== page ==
Protesters Demand Return of Flag to Campus


Amy Deyerle-Smith
Adam Blaustein Rejto contributing 

The car horns started hours before the announced start time of the “Stand With Old Glory” rally on Sunday, as protesters lined West Street with cars, motorcycles, fake army trucks, and– flags. Stars and Stripes, of course, but also spotted was the black and blue police memorial flag, the Gadsden ‘Don’t Tread on Me’ flag, and the soon-to-be-classic TRUMP (make America great again).  If attendees failed to bring their own flag, no problem! There were plenty to be had.


A counter-protester carried this rhyming sign.

According to the Facebook event, the protest was a “peaceful demonstration of freedom…  In solidarity to the sacrifices of the US Military.” It was organized by the Amherst Veterans of Foreign Wars as a response to Hampshire’s much-noted removal of the American flag from our library lawn, with many news outlets (falsely) reporting that Hampshire had banned the flag from campus (or, as one person said on facebook, instituted a “no-flags policy.”)

The story was first picked up shortly after Veterans Day by Masslive and The Gazette, and then by Channel 22. On the 21st, a Hampshire student made a controversial appearance on Tucker Carlson’s Fox News show, and the next day Ben Carson posted about the college’s decision, calling it “unconscionable.” (As of Monday morning, “Hampshire College” was trending on facebook with “37k people talking about this.”)


American Legion Riders arrive.

Debate about Hampshire’s flag goes back at least to the beginning of College President Jonathan Lash’s tenure– after the Boston marathon bombings in 2013, a student hacked Lash’s email, sending out a message to students that the flag would be flown upside down in respect for Arab Americans. Many students responded with support, only to feel betrayed when they found out that the email was fake. Anger flared up again last spring after the school complied with the White House’s request that all flags be flown at half mast in honor of conservative Supreme Court Justice Antonin Scalia, whose death many students saw more as a source of relief than a cause for mourning.

But even with the charged history of Flag Discourse, and strong reactions from outside the community, many Hampshire students have indicated that they don’t actually care all that much. The general response of students to the media presence has been either annoyance or amusement.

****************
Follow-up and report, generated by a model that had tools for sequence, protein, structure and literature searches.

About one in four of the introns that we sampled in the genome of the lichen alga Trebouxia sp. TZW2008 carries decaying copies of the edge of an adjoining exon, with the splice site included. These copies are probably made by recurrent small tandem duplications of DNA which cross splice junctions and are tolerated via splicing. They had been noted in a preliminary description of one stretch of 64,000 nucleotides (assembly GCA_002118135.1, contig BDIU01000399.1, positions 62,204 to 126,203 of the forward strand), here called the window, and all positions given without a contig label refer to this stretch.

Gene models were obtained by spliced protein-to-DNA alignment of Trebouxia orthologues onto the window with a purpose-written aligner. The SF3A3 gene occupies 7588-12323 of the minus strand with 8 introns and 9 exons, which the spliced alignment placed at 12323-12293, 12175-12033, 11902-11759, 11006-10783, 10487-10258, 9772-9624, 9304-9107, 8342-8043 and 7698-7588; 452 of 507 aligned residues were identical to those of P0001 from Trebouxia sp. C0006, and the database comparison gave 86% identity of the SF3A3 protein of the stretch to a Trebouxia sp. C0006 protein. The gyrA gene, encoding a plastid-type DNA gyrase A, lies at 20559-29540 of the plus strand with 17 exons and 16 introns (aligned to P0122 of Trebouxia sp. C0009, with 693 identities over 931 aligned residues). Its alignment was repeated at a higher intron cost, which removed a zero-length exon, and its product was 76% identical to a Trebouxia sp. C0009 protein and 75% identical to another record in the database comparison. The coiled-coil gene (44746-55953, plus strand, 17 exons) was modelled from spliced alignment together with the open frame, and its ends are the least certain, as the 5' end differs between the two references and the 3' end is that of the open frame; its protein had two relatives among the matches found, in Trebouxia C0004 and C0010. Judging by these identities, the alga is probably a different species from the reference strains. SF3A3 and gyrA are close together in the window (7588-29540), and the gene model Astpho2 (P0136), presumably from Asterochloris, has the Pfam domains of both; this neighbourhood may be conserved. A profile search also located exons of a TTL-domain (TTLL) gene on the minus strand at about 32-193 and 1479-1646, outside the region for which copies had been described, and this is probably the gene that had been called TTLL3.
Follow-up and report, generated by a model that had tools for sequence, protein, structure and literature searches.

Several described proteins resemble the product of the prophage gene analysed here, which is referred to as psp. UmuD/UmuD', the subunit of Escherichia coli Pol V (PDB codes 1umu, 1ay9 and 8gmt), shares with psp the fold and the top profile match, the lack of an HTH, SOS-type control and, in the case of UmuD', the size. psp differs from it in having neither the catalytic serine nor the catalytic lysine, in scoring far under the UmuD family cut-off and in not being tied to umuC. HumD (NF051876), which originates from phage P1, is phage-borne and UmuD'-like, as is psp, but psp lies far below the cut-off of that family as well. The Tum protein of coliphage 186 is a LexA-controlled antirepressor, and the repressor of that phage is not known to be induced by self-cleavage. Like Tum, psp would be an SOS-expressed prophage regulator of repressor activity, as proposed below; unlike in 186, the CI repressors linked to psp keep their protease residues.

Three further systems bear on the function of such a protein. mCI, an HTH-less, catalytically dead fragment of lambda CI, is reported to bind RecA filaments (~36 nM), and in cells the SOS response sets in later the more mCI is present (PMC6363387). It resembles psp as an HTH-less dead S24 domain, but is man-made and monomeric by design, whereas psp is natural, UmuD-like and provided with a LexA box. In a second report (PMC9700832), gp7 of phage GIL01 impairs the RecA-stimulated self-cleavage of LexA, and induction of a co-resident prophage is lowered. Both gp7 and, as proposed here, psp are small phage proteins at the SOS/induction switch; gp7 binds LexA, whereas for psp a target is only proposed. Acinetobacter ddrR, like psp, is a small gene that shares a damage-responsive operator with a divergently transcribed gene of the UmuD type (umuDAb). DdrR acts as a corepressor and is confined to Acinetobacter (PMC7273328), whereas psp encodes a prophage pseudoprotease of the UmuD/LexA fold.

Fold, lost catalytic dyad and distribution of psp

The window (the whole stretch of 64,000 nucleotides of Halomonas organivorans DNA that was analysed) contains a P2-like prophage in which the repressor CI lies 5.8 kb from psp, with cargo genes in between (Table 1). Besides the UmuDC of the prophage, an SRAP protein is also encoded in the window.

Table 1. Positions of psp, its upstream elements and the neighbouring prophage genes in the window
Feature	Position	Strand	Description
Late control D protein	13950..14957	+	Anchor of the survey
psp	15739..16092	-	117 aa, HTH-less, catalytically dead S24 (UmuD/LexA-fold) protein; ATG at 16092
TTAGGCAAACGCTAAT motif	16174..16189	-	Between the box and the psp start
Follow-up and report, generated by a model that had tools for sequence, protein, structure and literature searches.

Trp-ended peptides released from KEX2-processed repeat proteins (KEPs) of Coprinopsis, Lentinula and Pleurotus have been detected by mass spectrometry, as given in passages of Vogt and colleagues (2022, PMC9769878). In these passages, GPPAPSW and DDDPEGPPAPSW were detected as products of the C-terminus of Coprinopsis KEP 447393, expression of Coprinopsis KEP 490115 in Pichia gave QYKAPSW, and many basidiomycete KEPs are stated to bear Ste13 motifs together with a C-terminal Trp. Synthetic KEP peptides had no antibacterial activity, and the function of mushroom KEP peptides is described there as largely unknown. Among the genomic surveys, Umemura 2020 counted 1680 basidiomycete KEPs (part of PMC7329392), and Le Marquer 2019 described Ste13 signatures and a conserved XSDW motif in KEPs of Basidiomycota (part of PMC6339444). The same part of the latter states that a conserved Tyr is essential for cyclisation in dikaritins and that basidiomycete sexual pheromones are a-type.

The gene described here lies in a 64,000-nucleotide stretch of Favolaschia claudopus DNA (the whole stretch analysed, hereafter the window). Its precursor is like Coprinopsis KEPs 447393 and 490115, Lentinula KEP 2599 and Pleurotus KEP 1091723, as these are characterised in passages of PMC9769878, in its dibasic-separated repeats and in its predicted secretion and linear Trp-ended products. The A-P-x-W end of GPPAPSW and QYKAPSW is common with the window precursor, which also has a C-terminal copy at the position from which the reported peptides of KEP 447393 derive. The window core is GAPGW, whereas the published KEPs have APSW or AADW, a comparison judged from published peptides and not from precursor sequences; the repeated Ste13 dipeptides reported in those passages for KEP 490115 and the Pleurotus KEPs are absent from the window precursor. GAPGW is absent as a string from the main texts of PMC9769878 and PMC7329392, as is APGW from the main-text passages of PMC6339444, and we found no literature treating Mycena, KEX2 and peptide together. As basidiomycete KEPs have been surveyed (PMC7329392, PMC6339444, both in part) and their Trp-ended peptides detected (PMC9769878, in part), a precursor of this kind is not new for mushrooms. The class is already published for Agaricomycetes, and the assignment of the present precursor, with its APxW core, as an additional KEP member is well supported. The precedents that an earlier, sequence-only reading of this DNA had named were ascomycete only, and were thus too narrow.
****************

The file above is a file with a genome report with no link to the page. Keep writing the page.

Students returning from Thanksgiving break through the main entrance had to navigate through the crowd of about 300, which was sometimes slow in clearing out of the road.


Protesters at the main entrance, on Kendall Drive.

Signs included “America– love it or leave it!” and “Hampshire College 56% Graduation Rate– Enough Said!” (with a little “HC” with a circle and a line through it in the corner for good measure.) Another advertised toilet paper as a diploma.

“Imagine the meltdown if we burn the LGBTQ flag,” one woman said.

flag_11272016_1428Everyone’s favorite turtle chimed in on his blog as well, deeming Hampshire not a school but a “group of freaks” run by Nazis.

At 1:00pm, a speak-out style rally began with Victor Nunez, president of the Amherst VFW. Springfield Mayor Domenic Sarano and many veterans and family of veterans also spoke, sharing quotes, poems, statements, and chants, including “raise that flag” and, when discussing


Atkins Farms donated donuts and cider to protesters.

the Hampshire students that burned said flag, “lock them up!”– a reference to “lock her up,” a refrain from the Republican National Convention and the last couple months of the Presidential campaign. At one point, when students were standing in the road, protesters encouraged a coming car to “Run them over!”

Others struck a more reconciliatory note. One of the speakers thanked the campus police
and Jonathan Lash for allowing them on campus. He mentioned that a few of them have been on campus for a couple of days scoping it out.

Fox News reported an attendance of about one thousand– while organizers estimated about three to four hundred.

Photos by Amy Deyerle-Smith

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